3. Go Over Your Budget and Identify Areas Where You Can Save
You'll have to figure out your cash flow situation and to do that, you need to create a budget and examine where you're spending your money. Boneparth calls this becoming a "master of cash flow."
"Masters of cash flow understand the money coming in and out of their lives almost intuitively," he says.
To get there, you need to create a budget and track your spending, including groceries, utilities, childcare, and entertainment. Check it every three months to see how you're doing and identify the opportunities for savings. You might have to cut expenses, take on extra work or find a new job, but you can't do that until you know how much money is coming in and going out.
Once you have a budget and know how much you can save each month, apply those amounts to the goal system you created. Based on how much money you are able to save, you might have to adjust your goals, whether that means opting to spend less money on a home or extending the amount of time it will take to save up for one.
4. Start to Eliminate Debt and Make Payments on Time
"Eliminating debt and making your payments on time are the two things you need to start doing consistently right away," says Boneparth. "These two actions will have the biggest impact over time on your credit scores."
Remember, improving your credit scores is the key to getting the best rates on mortgages, which can save you thousands of dollars over the lifetime of a loan.
Once you've identified how much you can save each month, you should also figure out how much of your money you can apply to pay down your debts. Cutting down credit card debt should be a primary goal because that will boost your credit scores significantly.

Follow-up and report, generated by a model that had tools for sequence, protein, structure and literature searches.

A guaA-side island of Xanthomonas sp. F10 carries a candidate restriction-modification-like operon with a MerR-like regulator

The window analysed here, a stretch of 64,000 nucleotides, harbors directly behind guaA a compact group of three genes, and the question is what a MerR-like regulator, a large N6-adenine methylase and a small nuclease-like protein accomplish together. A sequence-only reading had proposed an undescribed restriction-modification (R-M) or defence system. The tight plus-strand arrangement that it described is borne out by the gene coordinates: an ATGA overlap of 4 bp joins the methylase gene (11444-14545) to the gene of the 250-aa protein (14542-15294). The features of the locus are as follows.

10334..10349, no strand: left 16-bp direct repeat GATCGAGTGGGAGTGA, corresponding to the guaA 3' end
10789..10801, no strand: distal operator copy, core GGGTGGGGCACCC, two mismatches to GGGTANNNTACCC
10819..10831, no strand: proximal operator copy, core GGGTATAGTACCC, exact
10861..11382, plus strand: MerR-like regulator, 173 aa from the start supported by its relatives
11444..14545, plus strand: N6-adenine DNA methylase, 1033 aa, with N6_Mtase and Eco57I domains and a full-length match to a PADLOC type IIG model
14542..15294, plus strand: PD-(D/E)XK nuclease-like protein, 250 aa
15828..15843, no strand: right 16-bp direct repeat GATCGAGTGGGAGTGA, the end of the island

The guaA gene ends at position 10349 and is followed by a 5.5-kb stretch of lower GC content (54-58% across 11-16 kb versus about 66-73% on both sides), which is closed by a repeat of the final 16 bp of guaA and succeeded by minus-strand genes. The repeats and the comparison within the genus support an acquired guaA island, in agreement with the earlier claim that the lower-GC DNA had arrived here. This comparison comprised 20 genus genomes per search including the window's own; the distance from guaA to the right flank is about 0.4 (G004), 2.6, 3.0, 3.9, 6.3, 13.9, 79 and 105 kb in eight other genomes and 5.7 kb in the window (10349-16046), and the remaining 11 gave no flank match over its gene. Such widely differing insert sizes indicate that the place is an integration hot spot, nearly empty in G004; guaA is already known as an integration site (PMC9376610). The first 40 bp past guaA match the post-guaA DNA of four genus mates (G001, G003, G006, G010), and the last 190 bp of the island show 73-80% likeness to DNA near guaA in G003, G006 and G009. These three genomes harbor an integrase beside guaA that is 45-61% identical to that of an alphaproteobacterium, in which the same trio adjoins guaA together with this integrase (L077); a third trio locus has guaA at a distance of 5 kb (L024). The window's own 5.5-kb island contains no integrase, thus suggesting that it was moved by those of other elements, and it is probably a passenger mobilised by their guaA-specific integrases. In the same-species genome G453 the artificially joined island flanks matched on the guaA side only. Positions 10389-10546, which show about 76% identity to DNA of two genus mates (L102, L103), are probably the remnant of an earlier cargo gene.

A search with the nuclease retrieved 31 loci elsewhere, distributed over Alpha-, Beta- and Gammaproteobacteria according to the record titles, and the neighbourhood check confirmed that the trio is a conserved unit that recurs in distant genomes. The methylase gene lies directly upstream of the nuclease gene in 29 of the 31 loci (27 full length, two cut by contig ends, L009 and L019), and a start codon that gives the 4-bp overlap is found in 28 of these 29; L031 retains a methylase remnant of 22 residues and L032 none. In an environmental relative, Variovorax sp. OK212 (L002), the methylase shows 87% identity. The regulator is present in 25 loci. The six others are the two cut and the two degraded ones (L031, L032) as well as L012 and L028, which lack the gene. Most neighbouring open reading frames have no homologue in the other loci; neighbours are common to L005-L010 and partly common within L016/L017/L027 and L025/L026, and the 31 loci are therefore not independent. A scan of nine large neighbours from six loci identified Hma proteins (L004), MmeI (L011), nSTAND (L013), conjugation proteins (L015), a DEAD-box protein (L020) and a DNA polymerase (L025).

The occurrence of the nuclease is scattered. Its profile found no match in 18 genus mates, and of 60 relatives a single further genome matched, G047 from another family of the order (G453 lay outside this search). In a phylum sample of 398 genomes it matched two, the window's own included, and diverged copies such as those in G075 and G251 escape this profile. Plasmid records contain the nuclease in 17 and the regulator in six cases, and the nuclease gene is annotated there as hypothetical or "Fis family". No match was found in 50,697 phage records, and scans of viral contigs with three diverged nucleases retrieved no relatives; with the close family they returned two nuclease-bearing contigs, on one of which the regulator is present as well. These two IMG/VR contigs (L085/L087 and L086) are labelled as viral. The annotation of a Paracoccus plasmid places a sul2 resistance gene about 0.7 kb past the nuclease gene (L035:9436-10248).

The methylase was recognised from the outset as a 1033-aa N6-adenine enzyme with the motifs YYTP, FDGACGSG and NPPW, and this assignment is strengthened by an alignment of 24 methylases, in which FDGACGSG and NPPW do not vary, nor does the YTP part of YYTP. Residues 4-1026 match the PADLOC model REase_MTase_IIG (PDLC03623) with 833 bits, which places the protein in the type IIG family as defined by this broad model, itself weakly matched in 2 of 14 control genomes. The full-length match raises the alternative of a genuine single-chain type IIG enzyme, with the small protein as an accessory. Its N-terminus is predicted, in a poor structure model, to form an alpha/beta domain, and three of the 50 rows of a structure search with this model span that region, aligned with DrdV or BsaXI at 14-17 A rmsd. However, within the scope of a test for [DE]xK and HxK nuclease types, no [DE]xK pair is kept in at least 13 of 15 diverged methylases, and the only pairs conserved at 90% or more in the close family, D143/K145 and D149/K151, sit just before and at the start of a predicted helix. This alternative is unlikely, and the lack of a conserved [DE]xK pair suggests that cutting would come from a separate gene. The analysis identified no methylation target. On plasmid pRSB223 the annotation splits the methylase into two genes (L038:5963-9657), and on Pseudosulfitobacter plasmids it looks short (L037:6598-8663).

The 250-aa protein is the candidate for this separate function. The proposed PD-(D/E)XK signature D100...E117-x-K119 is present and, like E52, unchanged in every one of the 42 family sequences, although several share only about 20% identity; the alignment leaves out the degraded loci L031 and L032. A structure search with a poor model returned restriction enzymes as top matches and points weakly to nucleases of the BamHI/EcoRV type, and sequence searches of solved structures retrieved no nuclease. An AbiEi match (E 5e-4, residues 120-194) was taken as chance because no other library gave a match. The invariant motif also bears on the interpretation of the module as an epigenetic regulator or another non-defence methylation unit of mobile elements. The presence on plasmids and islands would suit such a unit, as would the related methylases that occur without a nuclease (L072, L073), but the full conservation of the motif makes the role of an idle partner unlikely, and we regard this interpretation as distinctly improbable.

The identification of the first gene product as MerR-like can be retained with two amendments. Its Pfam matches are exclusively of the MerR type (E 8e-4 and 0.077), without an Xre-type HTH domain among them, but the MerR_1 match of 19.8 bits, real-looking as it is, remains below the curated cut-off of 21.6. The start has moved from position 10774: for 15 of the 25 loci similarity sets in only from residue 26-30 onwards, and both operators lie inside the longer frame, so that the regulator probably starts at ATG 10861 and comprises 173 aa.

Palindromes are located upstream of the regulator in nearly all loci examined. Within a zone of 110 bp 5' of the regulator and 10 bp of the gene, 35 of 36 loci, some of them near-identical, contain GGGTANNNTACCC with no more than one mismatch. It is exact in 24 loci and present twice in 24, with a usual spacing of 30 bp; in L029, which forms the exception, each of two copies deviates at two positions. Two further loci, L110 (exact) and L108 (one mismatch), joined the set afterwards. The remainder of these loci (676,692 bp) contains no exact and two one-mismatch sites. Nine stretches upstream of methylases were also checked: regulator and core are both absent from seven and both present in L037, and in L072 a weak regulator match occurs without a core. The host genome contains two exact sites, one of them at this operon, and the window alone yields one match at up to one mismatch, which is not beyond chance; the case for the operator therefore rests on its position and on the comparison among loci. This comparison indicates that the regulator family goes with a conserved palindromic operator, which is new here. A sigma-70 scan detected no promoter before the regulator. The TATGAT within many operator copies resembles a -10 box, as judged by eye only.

You should also make it a habit to never miss paying a bill on time because even one late or missed payment can drag your scores down. (Late payments stay on your credit reports for seven years, but the most negative impact is at its peak in the first two years.) Set up automatic payments so you don't ever forget.
5. Don't Use More Than 30% of Your Available Credit
Your credit utilization ratio is the amount money you spend on credit cards each month compared with the amount of total credit available to you. You'll want to keep your credit utilization ratio under 30%, and for the best scores, under 10%.
That means you need to tally up the limits across all your credit cards, and only charge, on a monthly basis, 10% of that.
6. Review Your Credit Reports Regularly
Make a point to check your credit reports at least once a year to review them for errors because your scores are calculated based on the information in those reports. You'll find your reports at each of the three credit bureaus: Equifax, TransUnion, and Experian (the publisher of this article). If there are any errors, you should initiate a dispute with the credit bureau.
Get your free credit report from Experian, where you can also get your FICO® Score. You are also entitled to one free credit report every 12 months from Experian, Equifax, and TransUnion at AnnualCreditReport.com.
7. Don't Open New Lines of Credit
When you're getting ready to apply for a mortgage, avoid opening new credit accounts, because that will likely bring your scores down.
"That's especially true for people who are right on the line between one score range and another," says Boneparth. "Don't let that store credit card be the thing that prevents you from getting the best rates on your mortgage."